Henry Darger

1892–1973, American


With 15,145 pages of single-spaced typewritten text and several hundred drawings and watercolor paintings, Henry Darger’s epic, The Story of the Vivian Girls, in What is known as the Realms of the Unreal, of the Glandeco-Angelinnian War Storm, Caused by the Child Slave Rebellion, is the largest known work by a single author. Double-sided panoramas ranging from two to twelve feet in length feature the story’s protagonists, the Vivian girls, whom Darger created using composite tracings from the popular sources he collected: magazines, newspapers, catalogs, coloring books, comics, and religious iconography. His prolific body of work also includes a second work of fiction of more than 10,000 handwritten pages, a 5,084-page autobiography, several diaries, and a daily weather log that he kept for ten years.

Darger was born in Chicago. His mother died in childbirth when he was four years old. He never met his sister, who was given up for adoption. Darger’s father took care of him until 1900, when the elder Darger became infirm and was taken to St. Augustine’s Catholic Mission home, where he died in 1905. Henry was first placed in a Catholic boys’ home and then in an asylum in Lincoln, Illinois. After a series of failed attempts, he successfully escaped in 1908. According to his autobiography, he walked back to Chicago and witnessed a large tornado on the way, which is often related to the foreboding import of weather in his work. He was dismissed from the army in 1918, an experience that may have influenced his interest in the Civil War and the prominent role of soldiers and war in his stories.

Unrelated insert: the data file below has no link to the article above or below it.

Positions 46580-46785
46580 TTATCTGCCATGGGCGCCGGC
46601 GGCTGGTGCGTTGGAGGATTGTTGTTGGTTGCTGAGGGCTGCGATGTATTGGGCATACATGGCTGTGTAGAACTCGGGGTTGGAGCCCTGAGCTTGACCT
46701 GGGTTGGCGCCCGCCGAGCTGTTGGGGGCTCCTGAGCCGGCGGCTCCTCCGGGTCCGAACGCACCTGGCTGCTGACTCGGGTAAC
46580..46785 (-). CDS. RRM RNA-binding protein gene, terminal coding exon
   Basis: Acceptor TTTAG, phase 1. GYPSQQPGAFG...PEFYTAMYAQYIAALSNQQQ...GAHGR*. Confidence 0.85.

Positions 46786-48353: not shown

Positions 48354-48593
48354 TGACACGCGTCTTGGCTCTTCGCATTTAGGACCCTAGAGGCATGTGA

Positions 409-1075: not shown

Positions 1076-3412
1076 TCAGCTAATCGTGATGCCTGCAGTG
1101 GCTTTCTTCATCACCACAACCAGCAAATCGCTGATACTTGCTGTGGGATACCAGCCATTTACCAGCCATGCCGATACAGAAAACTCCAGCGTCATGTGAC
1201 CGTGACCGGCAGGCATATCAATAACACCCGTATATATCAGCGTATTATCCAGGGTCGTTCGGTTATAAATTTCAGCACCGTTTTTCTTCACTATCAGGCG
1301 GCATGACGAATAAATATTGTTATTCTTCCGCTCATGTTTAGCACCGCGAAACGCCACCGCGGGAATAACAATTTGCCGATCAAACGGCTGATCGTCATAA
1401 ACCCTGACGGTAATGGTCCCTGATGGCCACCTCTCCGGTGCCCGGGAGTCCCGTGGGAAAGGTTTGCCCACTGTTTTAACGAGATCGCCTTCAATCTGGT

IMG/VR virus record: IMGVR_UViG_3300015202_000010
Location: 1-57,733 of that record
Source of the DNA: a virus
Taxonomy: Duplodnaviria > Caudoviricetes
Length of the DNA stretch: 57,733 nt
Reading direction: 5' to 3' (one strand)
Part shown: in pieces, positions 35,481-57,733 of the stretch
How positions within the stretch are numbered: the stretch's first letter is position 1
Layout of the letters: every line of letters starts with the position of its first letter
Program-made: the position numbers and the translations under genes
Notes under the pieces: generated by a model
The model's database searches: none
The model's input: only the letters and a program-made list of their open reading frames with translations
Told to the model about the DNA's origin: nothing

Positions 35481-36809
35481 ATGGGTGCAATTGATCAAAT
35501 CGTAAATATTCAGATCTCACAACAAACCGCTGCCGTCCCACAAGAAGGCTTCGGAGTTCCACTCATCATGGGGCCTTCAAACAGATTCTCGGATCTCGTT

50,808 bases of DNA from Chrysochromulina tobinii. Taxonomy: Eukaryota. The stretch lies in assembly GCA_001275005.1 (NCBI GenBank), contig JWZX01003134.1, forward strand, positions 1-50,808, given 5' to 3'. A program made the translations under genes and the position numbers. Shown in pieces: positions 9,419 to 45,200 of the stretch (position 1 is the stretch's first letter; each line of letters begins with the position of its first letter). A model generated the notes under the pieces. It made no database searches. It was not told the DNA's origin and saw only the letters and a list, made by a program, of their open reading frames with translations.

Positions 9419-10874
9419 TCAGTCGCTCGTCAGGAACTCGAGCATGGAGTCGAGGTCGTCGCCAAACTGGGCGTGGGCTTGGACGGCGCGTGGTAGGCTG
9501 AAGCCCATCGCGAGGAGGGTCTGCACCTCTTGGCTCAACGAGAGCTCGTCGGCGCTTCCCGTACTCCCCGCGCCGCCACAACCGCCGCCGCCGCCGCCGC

Darger moved into a room in the Lincoln Park area of Chicago in 1930. He found a job as a janitor in a Catholic hospital with the help of his godmother and worked until his retirement in 1963. He attended mass daily, often multiple times. Darger became ill and was taken to St. Augustine’s, where he died in 1973. His landlord, Nathan Lerner, realized the power of his work while dismantling the stacks and piles that filled his room. Much of Darger’s writing and collection is now at Intuit: The Center for Intuitive and Outsider Art in Chicago. The Henry Darger Study Collection at the American Folk Art Museum in New York also holds many of his works.

Portfolio of Work

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Images of Men Strangling Children, n.d.

Watercolor, pencil, carbon and collage on paper


Blengiglomeneans Displaying their Wings, n.d.

Watercolor, pencil, carbon and collage on paper


Donated to the Milwaukee Art Museum